A Career Move

Eddie Murphy was only on SNL for four years. From 1980 to 1984 he was a fixture in our weekly television routine. Murphy was so well-loved by fans that he was one of the few ever to host the show while he was on the cast. However, as it tends to happen with stars, Eddie became so big he was getting more opportunities outside the show. By 1985 he’d left the cast to move on with his career. He was on his way as a movie star making films like The Golden Child, Beverly Hills Cop and Coming to America. With over forty films in his career so far, it was clearly the right move for Murphy, but SNL lost something extraordinary. As popular and loved as he was, you might expect him to go back to SNL and do a few cameos. While we understand how busy he was over the next six years, filming on set almost constantly, he never came back to the show. Even so, he might have made appearances on the anniversaries, but in 1990, something happened that would change his feelings toward the show that made his career.

David Spade Messes Up Badly

In 1990 David Spade joined the cast and quickly became known for Hollywood Minute, a segment where he lambasted various celebs of the time. That may seem like nothing in today’s social media climate. However, at the time, taking these sorts of cheap-but-funny shots at big names was fresh and, if not entirely new, undoubtedly uncommon. The show’s producers, of course, encouraged him to take it further. You might easily draw a connection between what he was doing and Eddie’s career. Both men pushed the limits and said things others were afraid to make into comedy. At that time Eddie had a couple of not-so-popular movies. Oddly this includes Vampire in Brooklyn which we loved because of it’s over the top cheesy take on a Dracula-esque reboot. Regardless, the films had bombed in theaters, and Spade, who quite literally idolized Murphy used him in a sketch. The joke he made was “Look, children, it’s a falling star! Make a wish.”

That’s nothing by modern standards, but those standards likely wouldn’t exist without David Spade’s Hollywood Minute. Likewise, David’s SNL career might not have existed if Eddie Murphy hadn’t saved the show a decade before. Eddie was furious and called David up to curse him out. In the end, though the pair are marginally on speaking terms, Eddie Murphy didn’t reappear on SNL for over thirty years.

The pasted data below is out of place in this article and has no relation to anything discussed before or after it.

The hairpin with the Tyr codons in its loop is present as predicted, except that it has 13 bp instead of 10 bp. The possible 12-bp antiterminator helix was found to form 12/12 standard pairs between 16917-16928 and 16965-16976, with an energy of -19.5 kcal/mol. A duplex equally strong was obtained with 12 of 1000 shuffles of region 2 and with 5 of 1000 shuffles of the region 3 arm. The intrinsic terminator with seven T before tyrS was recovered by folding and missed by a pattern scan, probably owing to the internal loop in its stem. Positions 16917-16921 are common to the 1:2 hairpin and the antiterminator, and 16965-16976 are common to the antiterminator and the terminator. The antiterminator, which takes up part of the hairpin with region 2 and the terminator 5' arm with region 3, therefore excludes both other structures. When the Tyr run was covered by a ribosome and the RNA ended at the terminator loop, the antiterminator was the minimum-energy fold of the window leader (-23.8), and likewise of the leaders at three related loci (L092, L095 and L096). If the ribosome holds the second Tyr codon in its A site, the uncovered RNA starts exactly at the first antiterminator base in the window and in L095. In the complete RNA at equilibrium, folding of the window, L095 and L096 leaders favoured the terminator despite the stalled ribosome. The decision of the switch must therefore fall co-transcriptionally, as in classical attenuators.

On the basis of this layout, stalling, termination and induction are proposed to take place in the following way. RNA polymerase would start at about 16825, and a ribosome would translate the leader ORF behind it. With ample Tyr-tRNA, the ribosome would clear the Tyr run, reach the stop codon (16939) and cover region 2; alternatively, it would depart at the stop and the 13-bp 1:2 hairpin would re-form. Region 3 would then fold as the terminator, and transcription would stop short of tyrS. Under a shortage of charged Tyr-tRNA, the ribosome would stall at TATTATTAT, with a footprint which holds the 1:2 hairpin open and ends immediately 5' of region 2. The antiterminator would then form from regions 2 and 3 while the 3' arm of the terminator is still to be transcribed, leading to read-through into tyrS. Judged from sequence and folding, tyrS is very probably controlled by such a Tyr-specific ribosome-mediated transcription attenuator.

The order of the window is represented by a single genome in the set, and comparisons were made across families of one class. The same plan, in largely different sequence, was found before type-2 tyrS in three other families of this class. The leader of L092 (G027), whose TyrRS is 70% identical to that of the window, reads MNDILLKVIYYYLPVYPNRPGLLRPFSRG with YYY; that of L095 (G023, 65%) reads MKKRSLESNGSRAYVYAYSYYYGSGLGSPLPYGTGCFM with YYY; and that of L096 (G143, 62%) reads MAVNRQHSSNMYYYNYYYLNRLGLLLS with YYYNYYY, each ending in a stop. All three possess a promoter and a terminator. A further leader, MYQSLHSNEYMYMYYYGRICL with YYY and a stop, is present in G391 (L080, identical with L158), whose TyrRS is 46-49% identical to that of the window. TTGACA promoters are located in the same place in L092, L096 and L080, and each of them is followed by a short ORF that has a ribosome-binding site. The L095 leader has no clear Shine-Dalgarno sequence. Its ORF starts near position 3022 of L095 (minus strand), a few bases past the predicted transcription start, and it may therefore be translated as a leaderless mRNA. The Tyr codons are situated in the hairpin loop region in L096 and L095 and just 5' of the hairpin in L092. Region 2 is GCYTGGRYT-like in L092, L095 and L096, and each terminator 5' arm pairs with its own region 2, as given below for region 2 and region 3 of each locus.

A Strange Return

Eddie finally returned to SNL for the 40th Aniversary show. He spoke a few words about how grateful he was to have been a part of SNL history but oddly left without participating in a sketch at all. According to Eddie, this was because they asked him to do a Bill Cosby sketch as his humorous contribution. He wasn’t interested in making his brief reappearance on the show about something as horrible as the Cosby situation.

Final Thoughts

After all, that’s happened, and all that Eddie Murphy has contributed to comedy, he did receive a Mark Twain Award for comedy. Amusingly he did tell a Bill Cosby joke there. Of course, that’s not the only award he’s won over the years, but it is significant and rare. Yet it seems to us that his contributions to comedy, culture and modern American society are largely underappreciated. That said, we wanted to leave you with the good news. Eddie may not be coming back to SNL, but some of his SNL characters are coming back on Netflix. We’re looking forward to bingeing Dolemite is My Name. As always, we’ll keep an eye on the brilliant Mr. Murphy to see what subversive and humorous characters he creates next.